To celebrate the International Day of Families, we decided to make you discover 8 particularly curious family portraits. Through centuries and emotions, browse with us these different cocoons that will make you, for some, relativize your situation.
Edvard Munch, Four Girls in Åsgårdstrand, 1903. Munch Museum, Oslo (Norway).
Can you see happiness in the eyes of these four Norwegian girls? No ?
That's normal, there isn't any. According to the legend that surrounds this artwork, these melancholic sisters are from a peasant family in Åsgårdstrand, a small Norwegian village and holiday resort of the expressionist painter Edvard Munch. In the purest vein of his emblematic style, he delivers here much more than a pretty composition: we see above all the state of mind of the girls, with pale complexions and dressed in dark and dirty clothes.
Are they in mourning? Are they frightened by the curious habits of a strange painter who asks them to pose for hours? These questions will remain unanswered, because this painting cruelly brings more enigmas than explanations.
Otto Dix, The Artist's Family, 1927. Städel Museum, Frankfurt (Germany).
Welcome to hell. Although this artwork is entitled "The artist's family", it's not Otto Dix that we find under the features of this monstrous baby, but his own son: Ursul. In the manner of a typical religious Madonna, his mother (Otto's wife), Martha Dix, holds the divine deformed child on her lap and watches over him. The faces are ungainly, the gazes are creepy and the smiles are sinister. Despite this optimal family setting, the artwork reminds us of the tragic mindset of its author, Otto Dix, whose best-known masterpieces relate to the carnage and devastation of the two world wars that shook the 20th century. The artist was deeply traumatized by these violent times, and his style will forever be influenced by the horror of life and death, the broken faces and the insecurity of building a home in such a particular context.
Van Gogh, First Steps (after Millet), 1890. Metropolitan Museum of Art, New York.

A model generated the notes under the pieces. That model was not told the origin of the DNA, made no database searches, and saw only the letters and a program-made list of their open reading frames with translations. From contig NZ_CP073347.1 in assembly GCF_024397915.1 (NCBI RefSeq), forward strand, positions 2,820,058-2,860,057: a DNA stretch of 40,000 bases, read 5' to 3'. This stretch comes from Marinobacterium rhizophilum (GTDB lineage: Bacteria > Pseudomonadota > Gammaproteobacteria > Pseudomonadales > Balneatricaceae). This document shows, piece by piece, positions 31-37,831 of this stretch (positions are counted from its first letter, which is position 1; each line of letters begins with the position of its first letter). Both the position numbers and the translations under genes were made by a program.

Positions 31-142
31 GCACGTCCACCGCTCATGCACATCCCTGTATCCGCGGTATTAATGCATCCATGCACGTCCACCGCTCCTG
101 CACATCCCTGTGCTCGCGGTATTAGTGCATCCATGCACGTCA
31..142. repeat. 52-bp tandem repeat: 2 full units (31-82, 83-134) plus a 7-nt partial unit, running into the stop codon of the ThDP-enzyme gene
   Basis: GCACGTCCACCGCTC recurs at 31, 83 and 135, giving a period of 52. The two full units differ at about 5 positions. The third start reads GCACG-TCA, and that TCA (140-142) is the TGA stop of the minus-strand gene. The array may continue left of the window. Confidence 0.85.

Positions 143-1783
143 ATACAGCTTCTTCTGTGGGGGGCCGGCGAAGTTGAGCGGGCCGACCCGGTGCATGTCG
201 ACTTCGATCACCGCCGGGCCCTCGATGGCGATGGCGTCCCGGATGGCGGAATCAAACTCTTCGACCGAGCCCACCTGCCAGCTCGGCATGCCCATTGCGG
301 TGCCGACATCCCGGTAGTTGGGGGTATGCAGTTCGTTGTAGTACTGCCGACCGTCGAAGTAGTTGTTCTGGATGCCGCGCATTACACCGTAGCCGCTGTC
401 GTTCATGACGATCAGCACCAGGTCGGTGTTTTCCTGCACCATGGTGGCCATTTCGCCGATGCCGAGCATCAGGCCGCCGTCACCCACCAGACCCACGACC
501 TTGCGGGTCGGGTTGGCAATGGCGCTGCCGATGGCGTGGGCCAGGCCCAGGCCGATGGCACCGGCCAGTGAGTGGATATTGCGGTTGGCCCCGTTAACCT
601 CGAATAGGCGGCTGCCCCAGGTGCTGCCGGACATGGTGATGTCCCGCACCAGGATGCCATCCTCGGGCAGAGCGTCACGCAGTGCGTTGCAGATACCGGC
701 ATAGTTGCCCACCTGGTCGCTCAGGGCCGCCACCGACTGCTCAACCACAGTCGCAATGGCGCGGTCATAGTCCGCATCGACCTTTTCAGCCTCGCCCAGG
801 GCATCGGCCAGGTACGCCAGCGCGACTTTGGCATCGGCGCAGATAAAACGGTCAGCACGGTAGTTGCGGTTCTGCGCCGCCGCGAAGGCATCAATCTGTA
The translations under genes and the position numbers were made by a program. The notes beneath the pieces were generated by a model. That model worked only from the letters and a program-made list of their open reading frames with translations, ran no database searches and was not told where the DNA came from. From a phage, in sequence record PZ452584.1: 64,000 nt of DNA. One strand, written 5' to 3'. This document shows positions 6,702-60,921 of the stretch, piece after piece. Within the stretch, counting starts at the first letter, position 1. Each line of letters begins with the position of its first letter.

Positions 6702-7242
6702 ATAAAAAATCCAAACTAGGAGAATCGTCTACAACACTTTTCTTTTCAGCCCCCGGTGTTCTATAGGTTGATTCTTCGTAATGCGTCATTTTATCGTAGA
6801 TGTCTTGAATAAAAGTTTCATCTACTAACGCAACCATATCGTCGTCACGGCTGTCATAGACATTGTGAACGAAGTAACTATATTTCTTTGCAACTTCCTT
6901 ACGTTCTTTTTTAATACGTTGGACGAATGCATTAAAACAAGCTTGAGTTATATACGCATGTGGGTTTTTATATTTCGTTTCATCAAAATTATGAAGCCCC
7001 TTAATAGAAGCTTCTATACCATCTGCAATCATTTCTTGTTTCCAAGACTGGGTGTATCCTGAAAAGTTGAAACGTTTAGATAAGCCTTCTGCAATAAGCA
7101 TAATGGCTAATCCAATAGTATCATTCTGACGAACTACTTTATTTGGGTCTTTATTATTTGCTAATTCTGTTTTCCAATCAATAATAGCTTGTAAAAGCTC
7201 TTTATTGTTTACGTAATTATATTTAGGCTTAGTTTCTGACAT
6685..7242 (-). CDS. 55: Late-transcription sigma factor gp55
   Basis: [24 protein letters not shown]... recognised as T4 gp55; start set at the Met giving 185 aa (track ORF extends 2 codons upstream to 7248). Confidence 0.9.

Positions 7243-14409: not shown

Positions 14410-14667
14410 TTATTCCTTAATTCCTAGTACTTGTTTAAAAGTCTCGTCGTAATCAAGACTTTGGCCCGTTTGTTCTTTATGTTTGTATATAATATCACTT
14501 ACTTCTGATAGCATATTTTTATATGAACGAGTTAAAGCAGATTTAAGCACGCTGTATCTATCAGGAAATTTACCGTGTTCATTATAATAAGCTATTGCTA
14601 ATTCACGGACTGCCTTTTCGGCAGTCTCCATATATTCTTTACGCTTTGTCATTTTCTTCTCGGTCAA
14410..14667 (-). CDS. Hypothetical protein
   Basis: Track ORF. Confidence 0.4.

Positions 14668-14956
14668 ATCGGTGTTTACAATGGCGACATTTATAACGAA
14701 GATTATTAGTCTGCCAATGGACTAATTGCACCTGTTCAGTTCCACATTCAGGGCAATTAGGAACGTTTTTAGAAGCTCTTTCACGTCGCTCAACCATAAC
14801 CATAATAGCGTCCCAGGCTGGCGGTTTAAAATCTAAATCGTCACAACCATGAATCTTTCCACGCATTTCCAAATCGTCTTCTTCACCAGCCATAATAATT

Would you like a little sweetness after these strange families?
Here is a relatively unknown artwork by the superstar of modern art: Vincent Van Gogh. Entitled The First Steps, it was inspired by an engraving of Jean-François Millet, of which a copy on paper was offered to him by his brother Theo. Vincent was a true admirer of this painter dedicated to the hardworking peasant life, who knew how to see beauty far from the pomp and glamour of bourgeois portraits. We discover two young peasant parents, taking advantage of a break in their work to train their child to walk: it's sweet, it's beautiful, it's delicate, it's symbolic. We love it.
Lucian Freud, Large Interior, London W11, 1981-1983. Private collection.
This composition by Lucian Freud, grandson of the famous psychoanalyst but above all a great English expressionist painter, is openly inspired by another iconic artwork: Pierrot Content by the French artist Antoine Watteau (1684-1721), famous for his stagings of characters from the commedia dell'arte and his representations of "gallant parties". In this 20th century reinterpretation, we discover Lucian Freud's "recomposed" family: his daughter Bella Freud (playing the mandolin), his son Kai Boyt (in the center), Kai's mother and former partner of Lucian (on the right), Lucian's current partner, Celia Paul (on the left), and their common child (lying on the floor). A particularly complex family tangle that diffuses in the viewer's mind a (very) particular feeling of embarrassment.
With their mute and unconvincing gestures, their grimaces and their glances lost in the void, the discomfort of the scene is palpable. One can easily feel the models' boredom and the divergent emotions that emanate from their close meeting.